Background Previous studies suggest that poor psychosocial job quality is a risk factor for mental health problems, but they use conventional regression analytic methods that cannot rule out reverse causation, unmeasured time-invariant confounding and reporting bias. Methods This study combines two quasi-experimental approaches to improve causal inference by better accounting for these biases: (i) linear fixed effects regression analysis and (ii) linear instrumental variable analysis. We extract 13 annual waves of national cohort data including 13 260 working-age (18-64 years) employees. The exposure variable is self-reported level of psychosocial job quality. The instruments used are two common workplace entitlements. The outcome variable is the Mental Health Inventory (MHI-5). We adjust for measured time-varying confounders. Results In the fixed effects regression analysis adjusted for time-varying confounders, a 1-point increase in psychosocial job quality is associated with a 1.28-point improvement in mental health on the MHI-5 scale (95% CI: 1.17, 1.40; P < 0.001). When the fixed effects was combined with the instrumental variable analysis, a 1-point increase psychosocial job quality is related to 1.62-point improvement on the MHI-5 scale (95% CI: .088). Conclusions Our quasi-experimental results provide evidence to confirm job stressors as risk factors for mental ill health using methods that improve causal inference.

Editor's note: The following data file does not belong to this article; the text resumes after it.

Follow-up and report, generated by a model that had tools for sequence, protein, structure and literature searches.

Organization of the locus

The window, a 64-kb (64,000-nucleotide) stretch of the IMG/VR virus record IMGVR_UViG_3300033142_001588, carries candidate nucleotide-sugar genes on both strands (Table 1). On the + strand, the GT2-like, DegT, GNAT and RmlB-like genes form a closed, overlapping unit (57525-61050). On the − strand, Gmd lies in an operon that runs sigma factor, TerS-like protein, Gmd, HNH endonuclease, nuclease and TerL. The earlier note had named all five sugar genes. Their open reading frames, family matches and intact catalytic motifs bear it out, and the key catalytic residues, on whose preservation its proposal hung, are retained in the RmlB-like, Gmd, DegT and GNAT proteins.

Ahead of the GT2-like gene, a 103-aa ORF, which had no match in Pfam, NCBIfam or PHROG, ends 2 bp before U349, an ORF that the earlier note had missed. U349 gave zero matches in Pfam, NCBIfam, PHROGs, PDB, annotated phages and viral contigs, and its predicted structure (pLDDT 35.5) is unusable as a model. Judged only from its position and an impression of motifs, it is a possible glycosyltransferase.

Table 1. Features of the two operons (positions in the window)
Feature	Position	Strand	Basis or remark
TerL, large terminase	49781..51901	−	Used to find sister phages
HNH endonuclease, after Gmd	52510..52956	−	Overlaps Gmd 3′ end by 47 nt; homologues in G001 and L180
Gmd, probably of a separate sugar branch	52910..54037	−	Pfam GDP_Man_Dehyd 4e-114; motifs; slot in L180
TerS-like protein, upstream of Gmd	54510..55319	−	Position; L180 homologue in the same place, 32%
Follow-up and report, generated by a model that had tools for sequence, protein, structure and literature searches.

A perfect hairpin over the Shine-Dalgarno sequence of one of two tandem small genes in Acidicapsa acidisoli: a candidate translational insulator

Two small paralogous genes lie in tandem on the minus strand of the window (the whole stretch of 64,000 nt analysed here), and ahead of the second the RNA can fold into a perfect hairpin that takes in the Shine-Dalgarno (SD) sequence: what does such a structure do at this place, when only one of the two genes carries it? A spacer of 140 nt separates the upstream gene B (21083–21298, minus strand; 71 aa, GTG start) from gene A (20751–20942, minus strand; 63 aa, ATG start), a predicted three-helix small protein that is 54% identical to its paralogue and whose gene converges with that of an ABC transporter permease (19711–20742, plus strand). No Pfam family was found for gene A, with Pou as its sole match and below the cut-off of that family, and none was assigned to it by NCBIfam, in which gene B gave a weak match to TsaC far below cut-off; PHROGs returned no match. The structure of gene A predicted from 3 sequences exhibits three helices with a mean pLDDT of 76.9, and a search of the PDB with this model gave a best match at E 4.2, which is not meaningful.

- fixed effect regression
- instrumental variable analysis
- job stress
- mental health